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Re: Salary Survey (Commentary on US Nuke Industry)

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I'd have to agree with Bill Polhemus

Bill Polhemus wrote:

> Snip
> Specifically, they were granted license to build such plants, and were
> further guaranteed by the Public Utility Commissions of the states
> where the
> plants were built, that they would make a profit on them.


With their "profit guaranteed" (at least they thought) by the PUC,  the
typical nuke builder really didn't care how much extra cost was incurred
due to NRC ECO's.   Engineering & construction costs ballooned out of
control.  Projects were delayed by the inept design/constr teams & the
NRC.  Courts ruled that only the cost of operating plants could be
charged to current utility customers so the construction was financed
via the bond market.  Construction delays (3 to 7 years) caused interest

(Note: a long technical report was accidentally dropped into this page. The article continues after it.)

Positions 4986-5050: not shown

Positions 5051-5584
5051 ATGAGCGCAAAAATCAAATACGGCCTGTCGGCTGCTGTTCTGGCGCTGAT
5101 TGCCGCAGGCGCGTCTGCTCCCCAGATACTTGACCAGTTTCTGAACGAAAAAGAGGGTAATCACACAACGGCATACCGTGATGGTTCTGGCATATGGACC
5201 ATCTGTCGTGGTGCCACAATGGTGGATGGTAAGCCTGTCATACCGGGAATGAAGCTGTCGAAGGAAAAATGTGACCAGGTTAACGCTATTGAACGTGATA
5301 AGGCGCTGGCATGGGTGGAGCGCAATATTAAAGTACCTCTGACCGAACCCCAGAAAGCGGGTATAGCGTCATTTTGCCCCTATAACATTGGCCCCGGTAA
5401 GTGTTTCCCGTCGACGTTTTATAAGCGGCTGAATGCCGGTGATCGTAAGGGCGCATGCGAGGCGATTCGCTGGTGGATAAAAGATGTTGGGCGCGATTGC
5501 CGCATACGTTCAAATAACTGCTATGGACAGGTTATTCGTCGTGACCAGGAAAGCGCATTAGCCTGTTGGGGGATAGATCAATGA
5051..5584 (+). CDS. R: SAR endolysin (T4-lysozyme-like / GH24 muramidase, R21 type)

costs to eclipse const costs ( 3 to 1) to such a degree that some plants
could NEVER recover the constr & interest costs!

If it took a builder 5 years to design, constr & sell a typical custom
home & he did it with borrowed money; could ever make a profit?

Duke Power was a notable exception to the typical nuke utility
disaster... they consistently design, built & operated plants that were
models of efficiency, cost effectiveness & safety.   Cost per megawatt
was about $1000 in 1986 $; on a par with fossil fuel plants of the day.

Too many people "helping" can turn anything into a disaster.

Robert Kazanjy, PE  **Disclaimer: I speak for myself not UC-Irvine**
Senior Development Engineer
Civil & Environmental Engineering
UC Irvine